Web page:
The music industry saw its last major independent record label absorbed into a giant media company when MCA Inc. said Wednesday that it had agreed to buy Geffen Records for MCA stock valued at about $545 million.
The acquisition of Geffen would continue the rapid consolidation of the multibillion-dollar music industry and follows MCA's purchase of GRP Records earlier this month for about $40 million in MCA common stock. In recent years, MCA has revamped its once-flagging roster of musicians and built a strong black and country music presence with artists such as Bobby Brown, Fine Young Cannibals and Tom Petty.
Announcement of the deal capped a marathon negotiating session that began last weekend after West Hollywood-based Geffen decided not to renew its distribution pact with Time Warner Inc.'s record subsidiary and also spurned a reported $700-million cash offer from Thorn EMI, the British media conglomerate.
David Geffen, the 47-year-old founder and sole stockholder of Geffen Co., said "in my heart of hearts, I wanted to stay" with Warner Bros. Records Chairman Mo Ostin and Time Warner Co-Chairman Steven J. Ross. "Steve Ross always told me that at the end of the distribution agreement he would buy (Geffen Records). But (Time Warner) is $12 billion in debt. I finally decided I could not spend any more time in the 'deal' business; I had to get on with running my businesses."
Wednesday's deal calls for MCA to issue Geffen 1 million shares of a new convertible stock that pays a $6.80 annual dividend and can be converted into 10 million shares of MCA common stock worth about $545 million, based on Wednesday's closing price of $54.50 for MCA shares. In exchange, MCA would get Geffen Records, whose artists include Guns N' Roses, Don Henley, Aerosmith, Whitesnake and Cher, and its related Geffen Music publishing unit. Geffen Records has 143 employees and said Wednesday that it had sales of more than $225 million last year.
David Geffen would retain ownership of a 90,000-square-foot Geffen office building now under construction in Beverly Hills. He would also keep his Geffen Theatrical stage subsidiary as well as his Geffen Film unit, which he said may be made part of his deal with MCA at a later date. However, other industry sources said that Geffen is negotiating with Walt Disney Co. over his film division.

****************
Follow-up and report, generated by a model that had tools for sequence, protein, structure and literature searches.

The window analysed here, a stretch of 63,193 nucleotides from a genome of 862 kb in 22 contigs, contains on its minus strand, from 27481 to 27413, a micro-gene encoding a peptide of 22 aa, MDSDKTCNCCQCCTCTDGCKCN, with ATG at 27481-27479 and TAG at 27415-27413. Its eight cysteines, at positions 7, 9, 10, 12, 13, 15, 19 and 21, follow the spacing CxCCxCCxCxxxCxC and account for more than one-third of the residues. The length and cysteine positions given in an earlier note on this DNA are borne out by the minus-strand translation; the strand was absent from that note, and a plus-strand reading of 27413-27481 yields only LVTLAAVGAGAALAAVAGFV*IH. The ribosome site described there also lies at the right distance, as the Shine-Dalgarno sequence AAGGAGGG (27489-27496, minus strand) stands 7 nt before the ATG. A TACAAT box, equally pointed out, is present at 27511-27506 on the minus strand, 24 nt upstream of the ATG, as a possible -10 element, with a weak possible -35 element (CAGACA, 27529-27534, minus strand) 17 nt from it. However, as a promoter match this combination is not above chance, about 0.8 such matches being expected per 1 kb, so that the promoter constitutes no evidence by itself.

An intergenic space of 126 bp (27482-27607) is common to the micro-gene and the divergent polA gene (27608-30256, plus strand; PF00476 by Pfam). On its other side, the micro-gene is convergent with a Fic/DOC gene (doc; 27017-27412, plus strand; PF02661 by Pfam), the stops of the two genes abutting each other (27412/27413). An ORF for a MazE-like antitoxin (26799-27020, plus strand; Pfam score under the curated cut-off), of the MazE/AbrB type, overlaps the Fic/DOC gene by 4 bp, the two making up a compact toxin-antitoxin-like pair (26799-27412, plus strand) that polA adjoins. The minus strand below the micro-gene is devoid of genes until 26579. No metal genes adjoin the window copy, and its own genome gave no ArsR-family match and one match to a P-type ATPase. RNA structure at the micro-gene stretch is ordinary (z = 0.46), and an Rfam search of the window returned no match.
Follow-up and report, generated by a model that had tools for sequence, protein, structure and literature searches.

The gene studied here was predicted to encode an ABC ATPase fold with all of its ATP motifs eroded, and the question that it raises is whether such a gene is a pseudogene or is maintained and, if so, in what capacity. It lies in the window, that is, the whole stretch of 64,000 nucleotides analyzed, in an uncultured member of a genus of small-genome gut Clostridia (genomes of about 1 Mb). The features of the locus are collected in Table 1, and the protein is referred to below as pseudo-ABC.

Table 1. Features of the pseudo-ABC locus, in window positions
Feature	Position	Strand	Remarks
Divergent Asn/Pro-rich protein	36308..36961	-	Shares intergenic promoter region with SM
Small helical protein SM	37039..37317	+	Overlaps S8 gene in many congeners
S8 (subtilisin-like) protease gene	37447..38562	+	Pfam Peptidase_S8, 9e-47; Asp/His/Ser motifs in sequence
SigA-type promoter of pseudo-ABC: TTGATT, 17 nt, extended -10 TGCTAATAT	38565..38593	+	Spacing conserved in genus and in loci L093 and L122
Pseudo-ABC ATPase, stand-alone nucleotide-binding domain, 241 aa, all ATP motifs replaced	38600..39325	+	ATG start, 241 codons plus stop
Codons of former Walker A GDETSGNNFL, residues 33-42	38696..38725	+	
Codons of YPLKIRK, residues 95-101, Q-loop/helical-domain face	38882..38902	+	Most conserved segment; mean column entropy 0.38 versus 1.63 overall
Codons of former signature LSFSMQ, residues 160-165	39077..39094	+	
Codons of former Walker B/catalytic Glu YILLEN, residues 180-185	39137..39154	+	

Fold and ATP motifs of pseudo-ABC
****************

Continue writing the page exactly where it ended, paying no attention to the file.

Disney declined to comment.
However, in an arrangement apparently aimed at limiting Geffen's control over MCA, Geffen's new MCA shares would be held under tightly restricted conditions.
Geffen could convert only a limited number of the shares each year for the next four years and only if he sells the shares--an option that Geffen said he does not plan to exercise. Geffen also agreed not to increase his MCA stake for 20 years.
"David Geffen may never own them," MCA President Sidney J. Sheinberg said of the common shares that may eventually be issued. Sheinberg said there was no plan for Geffen to join the MCA board.
The long-rumored Geffen sale is considered a huge blow to Warner Music, the Time Warner subsidiary that for the last decade has distributed Geffen Records products both internationally and domestically and also distributes MCA Records in most foreign markets except Canada and Britain. Warner's distribution agreement with Geffen expires Dec. 31, while MCA's distribution accord with Warner runs out in March, 1991.
Geffen said the two distribution pacts represent about $150 million in business for Warner, which is said to be still regrouping financially following last year's purchase of Warner Communications by Time Inc.
Geffen had developed a close relationship with Warner after he first merged, then managed, the Elektra and Asylum labels for the company. Warner had owned 50% of Geffen, but Geffen acquired the remainder of the company in the mid-1980s.